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Top general fights Macron over €850m cut in military spending


Emmanuel Macron is locked in a public battle with France’s senior general over military spending cuts as he faces his toughest opposition yet to proposed austerity measures.

The dispute threatens to become a political crisis as speculation mounts that General Pierre de Villiers, the highly regarded chief of staff, might step down in protest this week ahead of a formal meeting with the French president on Friday.

The spat, over a proposed €850m worth of military cuts, highlights the scale of the challenge facing Mr Macron as he targets €60bn worth of savings over five years while keeping an election pledge to cut taxes.

The disagreement started when Mr Macron’s government last week said it wanted to cut the 2017 defence budget in an effort to bring the country’s deficit below the EU’s limit of 3 per cent of gross domestic product.

This followed a warning from the state auditor last month that there was a €9bn hole in country’s finances and that the government needed to find €4bn worth of new savings this year to meet the EU target.

The proposed cuts reportedly prompted Gen de Villiers to tell a parliament committee: “I may be stupid, but I know when I’m being had.”

The general followed this up with a Facebook post last Friday which did not mention Mr Macron directly but which was seen as another challenge: “No one deserves to be blindly followed,” he wrote.

His intervention is particularly striking in France because — unlike other parts of the French state — the military has a long history of refraining from comment on political decisions. The army is often referred to as “la grande muette” — “the great and silent” in French political life.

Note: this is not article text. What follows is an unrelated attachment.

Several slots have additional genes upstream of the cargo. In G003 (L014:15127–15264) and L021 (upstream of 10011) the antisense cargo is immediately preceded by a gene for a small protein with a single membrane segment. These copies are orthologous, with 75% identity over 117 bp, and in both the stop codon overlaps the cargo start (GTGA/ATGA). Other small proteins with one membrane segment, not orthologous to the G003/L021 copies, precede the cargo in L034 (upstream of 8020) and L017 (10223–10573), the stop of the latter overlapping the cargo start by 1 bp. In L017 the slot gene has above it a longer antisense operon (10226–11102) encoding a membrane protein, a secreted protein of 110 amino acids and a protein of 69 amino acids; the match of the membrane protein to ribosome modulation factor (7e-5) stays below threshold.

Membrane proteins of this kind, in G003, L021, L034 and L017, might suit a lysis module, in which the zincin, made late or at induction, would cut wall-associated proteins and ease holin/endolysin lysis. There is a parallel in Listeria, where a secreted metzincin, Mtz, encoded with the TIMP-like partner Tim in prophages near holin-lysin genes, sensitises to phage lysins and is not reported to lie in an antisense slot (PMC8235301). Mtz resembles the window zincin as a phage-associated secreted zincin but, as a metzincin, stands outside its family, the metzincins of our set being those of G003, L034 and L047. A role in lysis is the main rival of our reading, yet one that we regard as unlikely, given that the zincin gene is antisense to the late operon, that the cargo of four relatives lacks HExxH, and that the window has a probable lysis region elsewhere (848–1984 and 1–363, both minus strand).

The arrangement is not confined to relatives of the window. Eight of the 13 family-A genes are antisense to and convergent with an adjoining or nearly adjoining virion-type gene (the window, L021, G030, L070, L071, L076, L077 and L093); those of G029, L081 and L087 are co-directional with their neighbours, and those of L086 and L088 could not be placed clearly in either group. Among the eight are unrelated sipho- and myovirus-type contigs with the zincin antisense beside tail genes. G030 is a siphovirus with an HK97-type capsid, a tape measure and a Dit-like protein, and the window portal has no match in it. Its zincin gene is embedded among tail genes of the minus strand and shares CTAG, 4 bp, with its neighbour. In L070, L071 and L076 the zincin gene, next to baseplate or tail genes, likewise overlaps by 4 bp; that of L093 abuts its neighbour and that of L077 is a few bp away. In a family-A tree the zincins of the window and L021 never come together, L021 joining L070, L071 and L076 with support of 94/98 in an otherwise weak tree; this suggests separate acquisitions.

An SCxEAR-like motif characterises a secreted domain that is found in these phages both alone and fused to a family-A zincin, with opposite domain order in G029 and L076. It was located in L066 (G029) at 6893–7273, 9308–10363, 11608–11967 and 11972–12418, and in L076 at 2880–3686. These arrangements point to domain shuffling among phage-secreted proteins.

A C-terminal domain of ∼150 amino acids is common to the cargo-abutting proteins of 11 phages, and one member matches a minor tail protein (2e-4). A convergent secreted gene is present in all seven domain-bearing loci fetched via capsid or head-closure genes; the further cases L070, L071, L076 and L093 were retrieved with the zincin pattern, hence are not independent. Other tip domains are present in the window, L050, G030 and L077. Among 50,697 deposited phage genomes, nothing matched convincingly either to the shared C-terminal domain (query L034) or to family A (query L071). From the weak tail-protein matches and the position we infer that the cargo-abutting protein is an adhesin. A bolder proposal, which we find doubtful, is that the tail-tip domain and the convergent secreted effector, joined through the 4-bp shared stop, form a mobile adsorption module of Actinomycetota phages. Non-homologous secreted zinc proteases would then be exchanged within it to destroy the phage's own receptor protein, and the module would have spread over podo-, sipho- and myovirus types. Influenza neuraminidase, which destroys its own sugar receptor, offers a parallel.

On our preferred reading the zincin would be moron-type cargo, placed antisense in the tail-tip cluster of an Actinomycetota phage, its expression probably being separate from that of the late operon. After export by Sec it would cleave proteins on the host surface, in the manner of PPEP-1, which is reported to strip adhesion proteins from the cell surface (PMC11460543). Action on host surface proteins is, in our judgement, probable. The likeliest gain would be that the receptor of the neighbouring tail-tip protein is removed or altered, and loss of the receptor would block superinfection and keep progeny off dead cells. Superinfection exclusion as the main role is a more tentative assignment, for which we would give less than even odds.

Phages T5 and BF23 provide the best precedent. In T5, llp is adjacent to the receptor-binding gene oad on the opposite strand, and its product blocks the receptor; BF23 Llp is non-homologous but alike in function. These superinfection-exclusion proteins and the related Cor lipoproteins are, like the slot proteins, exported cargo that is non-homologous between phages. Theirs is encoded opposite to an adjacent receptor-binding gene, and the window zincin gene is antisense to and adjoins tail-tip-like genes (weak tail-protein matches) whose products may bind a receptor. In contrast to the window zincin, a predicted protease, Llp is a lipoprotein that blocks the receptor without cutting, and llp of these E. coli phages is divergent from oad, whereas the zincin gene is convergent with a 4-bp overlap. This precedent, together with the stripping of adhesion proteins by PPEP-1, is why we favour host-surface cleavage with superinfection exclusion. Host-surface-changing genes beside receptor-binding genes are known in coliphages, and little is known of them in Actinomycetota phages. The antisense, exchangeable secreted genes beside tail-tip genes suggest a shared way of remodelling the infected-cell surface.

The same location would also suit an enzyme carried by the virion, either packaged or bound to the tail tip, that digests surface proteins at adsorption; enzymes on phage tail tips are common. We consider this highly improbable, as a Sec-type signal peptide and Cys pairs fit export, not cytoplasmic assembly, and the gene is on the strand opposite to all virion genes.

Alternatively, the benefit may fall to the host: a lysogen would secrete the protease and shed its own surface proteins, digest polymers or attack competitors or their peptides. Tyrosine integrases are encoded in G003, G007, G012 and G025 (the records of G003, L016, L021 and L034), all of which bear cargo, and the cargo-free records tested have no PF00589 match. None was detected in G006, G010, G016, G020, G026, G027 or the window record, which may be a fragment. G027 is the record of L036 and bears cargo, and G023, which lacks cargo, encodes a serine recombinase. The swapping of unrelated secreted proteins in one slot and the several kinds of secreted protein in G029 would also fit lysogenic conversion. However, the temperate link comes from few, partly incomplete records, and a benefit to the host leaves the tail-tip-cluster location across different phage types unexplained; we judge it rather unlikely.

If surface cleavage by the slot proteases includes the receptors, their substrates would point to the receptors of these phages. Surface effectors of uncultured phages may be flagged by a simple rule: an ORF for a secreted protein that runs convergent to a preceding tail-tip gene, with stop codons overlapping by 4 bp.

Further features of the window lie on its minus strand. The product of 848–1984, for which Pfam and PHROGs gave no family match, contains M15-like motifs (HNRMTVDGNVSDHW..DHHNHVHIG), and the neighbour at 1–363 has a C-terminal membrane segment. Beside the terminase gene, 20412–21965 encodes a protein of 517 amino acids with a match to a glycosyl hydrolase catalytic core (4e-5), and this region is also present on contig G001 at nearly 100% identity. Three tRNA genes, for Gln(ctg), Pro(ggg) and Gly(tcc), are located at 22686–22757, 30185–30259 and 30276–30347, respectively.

Gen de Villiers’ remarks earned a public rebuke from Mr Macron. “For me it is undignified to wash dirty linen in public,” he said on Friday in an address to the army. “I am your leader,” he added. “I need no pressure, no comment.”

But Mr Macron has been forced on the defensive, with criticism coming from all sides, including his own party. Jean-Jacques Bridey, chairman of the parliamentary committee on defence and a Macron ally, last week said he regretted the proposed cuts “while our men risk their lives every day”.

Florian Philippot, vice-president of France’s far-right National Front, said the cuts were as “irresponsible as they were incomprehensible”. Alexis Corbière, a leftwing member of the National Assembly, said the consequences of austerity on the French army were “intolerable”.

In what he said was an unrelated measure, Mr Macron on Friday announced a €1.5bn rise in military spending in 2018 to €34.2bn. The move came amid reports that Gen de Villiers was threatening to quit.

Mr Macron told a Sunday newspaper at the weekend that Gen de Villiers needed to respect the chain of command and keep his opinions to himself. But he also urged the general to remain in his job.

On Monday, Christophe Castaner, a government spokesman, told FranceInfo radio that Mr Macron and Gen de Villiers would “take the decision together” about the general’s future.

Analysts said the affair demonstrated the challenge facing Mr Macron in his efforts to cut public spending over the coming five years while also reforming labour laws and cutting taxes.

“The case of defence spending illustrates the wider challenge facing the government in reducing spending,” said Bruno Cavalier, chief economist at Oddo Securities. “All of the government departments are going to say their operations are essential.”

Mr Cavalier added that while the 2017 budget was on track to meet the 3 per cent deficit target, the real question was the 2018 budget, where the government was targeting 2.7 per cent but would be “very happy” with 2.99 per cent.

The government also last week flip-flopped over whether to introduce planned tax breaks for the wealthy in 2019 or 2018, eventually deciding on 2018 despite budget constraints.

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